William Stringfellow (Instead of Death: New and Expanded Edition)
Over the decade that movie producer Menahem Golan had retained the rights for Spider-Man, he’d managed to involve half a dozen different corporate entities. Golan had originally bought the Spider-Man rights for his Cannon Films; after leaving Cannon, he transferred them to 21st Century Films. Next, he raised money by preselling television rights to Viacom, and home video rights to Columbia Tri-Star; then he signed a $5 million deal with Carolco that guaranteed his role as producer. But after Carolco assigned the film to James Cameron, Cameron refused to give Golan the producer credit, and the lawsuits began. By the end of 1994, Carolco was suing Viacom and Tri-Star; Viacom and Tri-Star were countersuing Carolco, 21st Century, and Marvel; and MGM—which had swallowed Cannon—was suing Viacom, Tri-Star, 21st Century, and Marvel.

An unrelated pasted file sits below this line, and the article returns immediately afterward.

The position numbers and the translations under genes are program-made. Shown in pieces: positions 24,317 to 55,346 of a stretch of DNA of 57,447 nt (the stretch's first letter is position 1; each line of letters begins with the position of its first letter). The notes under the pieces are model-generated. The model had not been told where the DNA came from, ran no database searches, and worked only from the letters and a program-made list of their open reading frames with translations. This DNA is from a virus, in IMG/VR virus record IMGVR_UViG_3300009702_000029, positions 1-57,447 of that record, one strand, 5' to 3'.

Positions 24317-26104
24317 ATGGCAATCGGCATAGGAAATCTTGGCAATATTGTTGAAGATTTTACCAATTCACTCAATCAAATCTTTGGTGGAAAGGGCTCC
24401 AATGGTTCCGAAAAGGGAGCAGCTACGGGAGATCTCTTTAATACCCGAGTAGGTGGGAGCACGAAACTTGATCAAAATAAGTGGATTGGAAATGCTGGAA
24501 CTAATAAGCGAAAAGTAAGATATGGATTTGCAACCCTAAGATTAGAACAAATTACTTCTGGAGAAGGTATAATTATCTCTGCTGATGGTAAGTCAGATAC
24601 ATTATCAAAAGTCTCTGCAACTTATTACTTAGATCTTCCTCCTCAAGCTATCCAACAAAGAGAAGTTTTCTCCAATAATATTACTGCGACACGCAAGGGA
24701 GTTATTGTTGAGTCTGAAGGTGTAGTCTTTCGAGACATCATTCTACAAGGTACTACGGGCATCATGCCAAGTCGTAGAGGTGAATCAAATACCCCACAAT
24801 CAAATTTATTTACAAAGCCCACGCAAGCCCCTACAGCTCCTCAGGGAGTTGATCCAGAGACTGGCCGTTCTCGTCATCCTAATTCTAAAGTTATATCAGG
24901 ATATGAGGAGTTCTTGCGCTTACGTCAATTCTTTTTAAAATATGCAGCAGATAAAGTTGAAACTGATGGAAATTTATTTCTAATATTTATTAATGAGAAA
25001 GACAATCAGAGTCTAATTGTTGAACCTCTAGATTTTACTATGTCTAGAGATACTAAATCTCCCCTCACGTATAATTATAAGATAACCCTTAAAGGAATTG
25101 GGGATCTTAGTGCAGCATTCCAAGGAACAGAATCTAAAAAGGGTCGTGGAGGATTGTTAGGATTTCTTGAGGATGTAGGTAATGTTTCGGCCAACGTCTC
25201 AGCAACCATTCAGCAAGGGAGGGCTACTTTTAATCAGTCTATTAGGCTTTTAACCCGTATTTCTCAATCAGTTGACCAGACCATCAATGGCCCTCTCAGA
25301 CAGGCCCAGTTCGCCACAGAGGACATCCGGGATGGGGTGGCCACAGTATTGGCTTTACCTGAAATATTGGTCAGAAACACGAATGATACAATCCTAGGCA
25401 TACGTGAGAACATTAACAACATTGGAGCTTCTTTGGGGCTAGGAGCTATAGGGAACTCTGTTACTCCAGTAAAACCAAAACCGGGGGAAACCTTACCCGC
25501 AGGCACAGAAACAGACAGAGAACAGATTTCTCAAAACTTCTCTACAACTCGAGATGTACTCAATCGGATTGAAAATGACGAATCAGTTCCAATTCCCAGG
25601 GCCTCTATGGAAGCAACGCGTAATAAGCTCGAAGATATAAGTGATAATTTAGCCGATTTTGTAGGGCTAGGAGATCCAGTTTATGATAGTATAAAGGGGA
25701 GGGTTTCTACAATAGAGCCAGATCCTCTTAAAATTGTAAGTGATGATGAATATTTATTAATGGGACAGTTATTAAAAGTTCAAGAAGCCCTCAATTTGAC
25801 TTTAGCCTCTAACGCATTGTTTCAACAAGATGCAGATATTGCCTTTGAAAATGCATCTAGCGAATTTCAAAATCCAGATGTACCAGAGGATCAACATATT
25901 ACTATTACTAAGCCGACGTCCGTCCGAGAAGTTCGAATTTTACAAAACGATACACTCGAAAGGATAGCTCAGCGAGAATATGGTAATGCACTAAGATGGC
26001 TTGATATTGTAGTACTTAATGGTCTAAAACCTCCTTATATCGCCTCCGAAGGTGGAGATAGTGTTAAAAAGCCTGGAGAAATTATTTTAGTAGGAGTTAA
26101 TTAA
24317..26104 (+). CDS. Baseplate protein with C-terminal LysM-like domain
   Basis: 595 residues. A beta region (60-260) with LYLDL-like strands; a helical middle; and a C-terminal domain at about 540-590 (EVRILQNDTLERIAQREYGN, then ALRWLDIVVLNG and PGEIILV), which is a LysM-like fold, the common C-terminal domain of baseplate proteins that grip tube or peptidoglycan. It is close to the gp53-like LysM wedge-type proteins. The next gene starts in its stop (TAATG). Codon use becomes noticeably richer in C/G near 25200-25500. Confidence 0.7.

Sean Howe (Marvel Comics: The Untold Story)
Back when the motion picture industry was still open, there were no unions or craft disciplines, and opportunities were available to anyone who could do the job. Latins have been a vital part of the industry since this era. As the different production film entities out West in Hollywood grew larger, consolidated, and gradually unionized, social hierarchy and pressures took a stronger hold in the Hollywood community and industry that initially allowed regular—albeit restricted—opportunities for employment in the movies.
Luis I. Reyes (Viva Hollywood: The Legacy of Latin and Hispanic Artists in American Film)